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Sunday 3 December 2023 Dublin: 0°C
Data Protection

'Common sense prevailed': Proposal to raise digital age of consent to 16 rejected

Children’s rights groups had strongly opposed the proposal.

AN OIREACHTAS COMMITTEE has rejected a proposed amendment to new data protection legislation which would have set the digital age of consent at 16.

The digital age of consent relates to the collection of a person’s data. The Data Protection Bill 2018, which is currently passing through the Oireachtas, proposes to set this age at 13.

This will mean websites have to secure parental consent before collecting the data of a child under 13, which would then potentially be used for targeted advertising.

Opposition parties had tabled an amendment to the bill to increase the digital age of consent from 13 to 16. Writing for this morning, Social Democrats TD Róisín Shortall said this was not about putting age restrictions on access to the internet or limiting young people’s personal expression.

“The Social Democrats don’t think it’s right for the data of impressionable children and young teens to be used for these sorts of commercial marketing purposes,” she said. She suggested both raising the age of consent and prohibiting the use of children’s data for marketing purposes.

However the proposal was met with strong opposition today from children’s rights advocates, including the Ombudsman for Children Dr Niall Muldoor. He said:

“In my view, providing for 13 years as the digital age of consent takes more appropriate account of young people’s internet use and of the integral role that the online environment plays in their lives. It is also more in keeping with international children’s rights standards.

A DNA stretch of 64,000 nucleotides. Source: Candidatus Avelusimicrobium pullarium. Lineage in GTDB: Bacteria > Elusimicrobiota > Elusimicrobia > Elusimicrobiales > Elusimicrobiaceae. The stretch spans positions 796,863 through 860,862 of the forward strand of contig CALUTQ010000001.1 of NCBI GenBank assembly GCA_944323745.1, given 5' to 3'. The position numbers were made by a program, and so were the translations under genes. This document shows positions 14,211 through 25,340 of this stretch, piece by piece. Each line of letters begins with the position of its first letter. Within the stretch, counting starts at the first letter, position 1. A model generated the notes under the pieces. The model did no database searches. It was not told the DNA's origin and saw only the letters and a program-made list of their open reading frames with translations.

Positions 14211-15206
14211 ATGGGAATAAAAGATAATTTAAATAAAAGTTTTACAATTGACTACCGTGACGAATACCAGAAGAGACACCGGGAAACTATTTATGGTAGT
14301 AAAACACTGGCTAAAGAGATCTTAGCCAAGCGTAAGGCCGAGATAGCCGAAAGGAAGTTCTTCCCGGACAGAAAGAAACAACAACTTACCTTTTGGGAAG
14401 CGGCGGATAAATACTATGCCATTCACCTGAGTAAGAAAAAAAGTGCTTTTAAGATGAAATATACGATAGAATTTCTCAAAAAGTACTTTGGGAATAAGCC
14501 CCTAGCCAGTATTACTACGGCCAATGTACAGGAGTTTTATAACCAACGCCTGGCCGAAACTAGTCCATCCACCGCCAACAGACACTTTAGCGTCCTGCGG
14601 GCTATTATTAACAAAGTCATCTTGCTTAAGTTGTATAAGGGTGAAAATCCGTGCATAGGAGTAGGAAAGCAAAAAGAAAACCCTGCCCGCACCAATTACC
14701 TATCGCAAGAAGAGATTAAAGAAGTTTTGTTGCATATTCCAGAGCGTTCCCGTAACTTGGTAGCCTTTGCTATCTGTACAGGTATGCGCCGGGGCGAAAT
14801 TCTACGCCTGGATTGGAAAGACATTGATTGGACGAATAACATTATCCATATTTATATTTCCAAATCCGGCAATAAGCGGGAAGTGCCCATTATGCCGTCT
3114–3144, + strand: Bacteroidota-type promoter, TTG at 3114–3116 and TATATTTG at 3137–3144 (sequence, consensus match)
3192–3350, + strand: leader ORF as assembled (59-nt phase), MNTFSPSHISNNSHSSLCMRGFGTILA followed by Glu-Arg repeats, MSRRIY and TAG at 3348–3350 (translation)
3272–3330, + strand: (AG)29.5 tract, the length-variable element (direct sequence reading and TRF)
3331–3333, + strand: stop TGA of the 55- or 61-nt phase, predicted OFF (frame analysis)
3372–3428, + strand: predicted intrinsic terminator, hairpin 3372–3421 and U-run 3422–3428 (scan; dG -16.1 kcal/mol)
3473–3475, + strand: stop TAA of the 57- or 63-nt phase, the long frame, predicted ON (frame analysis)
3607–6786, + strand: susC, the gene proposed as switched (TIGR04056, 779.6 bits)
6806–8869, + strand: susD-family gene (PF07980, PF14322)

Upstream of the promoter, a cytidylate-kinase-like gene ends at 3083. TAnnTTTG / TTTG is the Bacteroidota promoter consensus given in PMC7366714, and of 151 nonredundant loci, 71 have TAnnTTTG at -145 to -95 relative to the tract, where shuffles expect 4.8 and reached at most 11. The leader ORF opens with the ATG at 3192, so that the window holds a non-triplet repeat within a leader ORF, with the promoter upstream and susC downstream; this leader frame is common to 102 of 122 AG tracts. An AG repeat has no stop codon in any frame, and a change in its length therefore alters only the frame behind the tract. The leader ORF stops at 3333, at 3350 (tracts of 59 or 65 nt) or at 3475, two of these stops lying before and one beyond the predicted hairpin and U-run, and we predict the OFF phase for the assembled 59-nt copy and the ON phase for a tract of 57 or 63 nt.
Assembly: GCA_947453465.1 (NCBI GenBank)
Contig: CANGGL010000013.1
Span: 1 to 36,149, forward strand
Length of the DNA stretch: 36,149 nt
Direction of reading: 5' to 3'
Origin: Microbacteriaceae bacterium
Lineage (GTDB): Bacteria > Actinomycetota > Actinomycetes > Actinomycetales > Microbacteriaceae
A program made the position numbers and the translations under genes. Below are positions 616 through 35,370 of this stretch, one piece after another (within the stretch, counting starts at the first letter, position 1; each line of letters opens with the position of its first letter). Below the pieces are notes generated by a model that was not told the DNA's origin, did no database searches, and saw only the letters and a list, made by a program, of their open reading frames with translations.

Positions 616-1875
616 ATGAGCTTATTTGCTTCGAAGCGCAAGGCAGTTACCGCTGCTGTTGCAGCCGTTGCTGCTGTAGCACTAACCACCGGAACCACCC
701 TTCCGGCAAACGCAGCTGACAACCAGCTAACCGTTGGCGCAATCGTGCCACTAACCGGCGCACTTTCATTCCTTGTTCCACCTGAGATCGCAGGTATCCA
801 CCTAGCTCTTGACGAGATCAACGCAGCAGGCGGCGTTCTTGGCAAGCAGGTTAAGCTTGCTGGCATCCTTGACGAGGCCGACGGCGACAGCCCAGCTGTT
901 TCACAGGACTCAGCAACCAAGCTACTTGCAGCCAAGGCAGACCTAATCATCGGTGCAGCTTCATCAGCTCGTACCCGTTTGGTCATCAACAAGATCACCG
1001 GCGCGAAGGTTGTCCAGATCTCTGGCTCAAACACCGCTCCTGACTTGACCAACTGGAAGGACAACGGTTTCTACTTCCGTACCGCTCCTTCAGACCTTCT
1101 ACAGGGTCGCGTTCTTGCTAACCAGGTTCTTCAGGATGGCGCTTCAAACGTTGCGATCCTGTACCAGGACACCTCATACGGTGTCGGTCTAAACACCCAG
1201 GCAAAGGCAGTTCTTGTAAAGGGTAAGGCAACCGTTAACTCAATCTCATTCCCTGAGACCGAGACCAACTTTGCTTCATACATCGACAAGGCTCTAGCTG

“It represents a more proportionate approach to balancing the opportunities and risks that the online environment presents to children and, with that, to balancing children’s rights in this environment.”

A number of children’s organisations had also spoken out against the proposal. At a press conference today, they said age verification systems currently in place are weak and many children are already lying about their ages to access websites.

They said raising the age to 16 would remove the burden off companies to implement more robust verification and child protection procedures and place it on children and their parents, who may not fully understand how the data will be used.

Tanya Ward, Chief Executive of the Children’s Rights Alliance welcomed the committee’s rejection of the proposal to raise the age, commenting that she was pleased “common sense prevailed”.

“Children’s individual rights must be valued, and raising the age of consent to 16 will potentially undermine child protection measures and result in some services potentially being withdrawn,” she said.

“There are many reasons why children’s interests are best served by retaining the age at 13. We should be approaching this with a calm head. A number of amendments have also been tabled which strengthen children’s protection online and we welcome these.”

Grainia Long from the ISPCC said there may have been some confusion among lawmakers about what the digital age of consent actually means. This is not about the age a child can have a smartphone, for example, she explained.

“No one should confuse data protection and the need to ensure children’s safety online with imposing unworkable restrictions on children’s use of services. We welcome the huge interest in the issue of children’s online safety in recent weeks. The defeat of this amendment is a positive sign that the voice of the child is being heard.”

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